Among other ideas, funding for states could be used to strengthen K-12 STEM education by providing additional resources to recruit and train STEM teachers and implement Common Core State Standards and Next Generation Science Standards that will better prepare students for college and work in these disciplines. Other ways to use the funding include broadening access to computer science in high school to ensure that all students have the opportunity to gain a foundational knowledge and explore careers in computing, and to expand higher education capacity to produce more STEM degrees, including a particular focus on computer science degrees.
According to Jones, while the overall unemployment rate hovers just under eight percent, unemployment in computer-related occupations has fallen to 3.4 percent. Yet, she says, too few American students -- especially students who have historically been underserved and underrepresented -- are achieving the levels of education required to secure jobs in innovation-based industries.
She explains that an effective national talent strategy must combine long-term improvements in STEM education in the United States with targeted, short-term, high-skilled immigration reforms.
"If done right, the latter can help fund the former," she says.
"Our economy requires a workforce with a sound math and science foundation," says Robert Hoffman, senior vice president for government relations at the Information Technology Industry Council, an advocacy and policy organization for major technology employers in Washington. "As our foreign competitors continue to experience economic growth, it's important that we identify solutions that will speed up growth here in the United States. Microsoft's proposal is the kind of innovative thinking the country needs, and it certainly warrants consideration in Washington."
Jones and Hoffman will get no argument from < Yodle >'s Stott, who says that the added expense to employers through the increased visa and green card plan is not a problem when you consider the cost of an agency when sourcing top talent.
"It is going to cost you 20 percent of salary just to find a good candidate," she says. "The long-term pragmatic solution is we have to create and educate more STEM workers."
Stott, who once taught math and whose mother is a math teacher, says STEM education, by and large, is not made to be be very attractive in our current educational system.
"There certainly is a need to make it more accessible," she says. "We need engaged teachers, which can mean a big difference in the interest in math. We need to create that type of excitement."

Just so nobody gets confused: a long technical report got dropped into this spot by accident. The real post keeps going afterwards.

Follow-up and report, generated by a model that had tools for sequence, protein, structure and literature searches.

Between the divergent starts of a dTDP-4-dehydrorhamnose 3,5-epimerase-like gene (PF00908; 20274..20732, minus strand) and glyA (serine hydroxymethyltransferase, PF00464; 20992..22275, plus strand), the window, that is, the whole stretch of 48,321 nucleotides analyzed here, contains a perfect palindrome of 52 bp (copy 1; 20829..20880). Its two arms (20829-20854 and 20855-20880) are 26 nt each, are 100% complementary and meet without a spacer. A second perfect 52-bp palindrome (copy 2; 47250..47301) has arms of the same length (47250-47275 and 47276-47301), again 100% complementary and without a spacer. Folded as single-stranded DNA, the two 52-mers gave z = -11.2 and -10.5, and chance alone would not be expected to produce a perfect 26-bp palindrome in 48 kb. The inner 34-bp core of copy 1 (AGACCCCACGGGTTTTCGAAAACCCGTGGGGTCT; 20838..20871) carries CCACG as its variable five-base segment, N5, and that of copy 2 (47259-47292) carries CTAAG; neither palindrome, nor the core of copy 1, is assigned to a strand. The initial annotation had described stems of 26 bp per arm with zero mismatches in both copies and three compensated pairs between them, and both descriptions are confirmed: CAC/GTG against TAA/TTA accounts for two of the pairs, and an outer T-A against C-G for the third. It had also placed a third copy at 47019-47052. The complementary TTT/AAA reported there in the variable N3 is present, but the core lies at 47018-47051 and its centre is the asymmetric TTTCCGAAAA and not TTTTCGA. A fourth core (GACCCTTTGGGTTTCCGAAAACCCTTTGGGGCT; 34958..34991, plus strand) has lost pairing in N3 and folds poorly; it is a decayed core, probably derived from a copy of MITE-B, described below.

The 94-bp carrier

Of course, starting early means the payoff might be years away, Stott adds, but that matters little when you consider the alternative.
"I can't imagine how difficult it will be to remain competitive if we don't start doing something now," she says. "I would love to hire more non-visa applicants, but the numbers just are not there."
"We are growing very quickly, 40 to 50 percent year over year, and finding tech talent is the biggest challenge we've had in the past 18 months," she says.
According to Jones, the overall response to Microsoft's NTS announcement has been positive. She says it's really a matter of our bringing to the forefront issues many employers have experienced, noting that the basic employment data tells the story all by itself. For example, the Bureau of Labor Statistics says that by 2018, there will be 1.2 million job openings for computer science graduates, but with current grad rates, the U.S. will only meet a third of that number.
"We're not even graduating enough people with degrees in computer science to begin to meet the needs we have today, much less in the future," she says.
Politically, the NTS concept has some very strong points going for it, Jones says, noting that what's unique about NTS is its weaving of education reform with immigration reform. However, the latter has caused some political flak that needs to be overcome for the initiative to succeed. In short, there is the idea that increasing visa and green card employees is just not politically popular among certain groups on Capitol Hill.
Even so, Jones says, Microsoft is hopeful that the details can be worked to everyone's satisfaction.
"What causes us to feel optimistic is that the plan involves business and government and knits immigration reform with education reform," she says. "We feel it is can succeed because it can have a high level of bipartisan support.
"Best of all," she says. "It has the potential to solve problems without added government funding to ensure economic growth. And that is something everyone can agree on."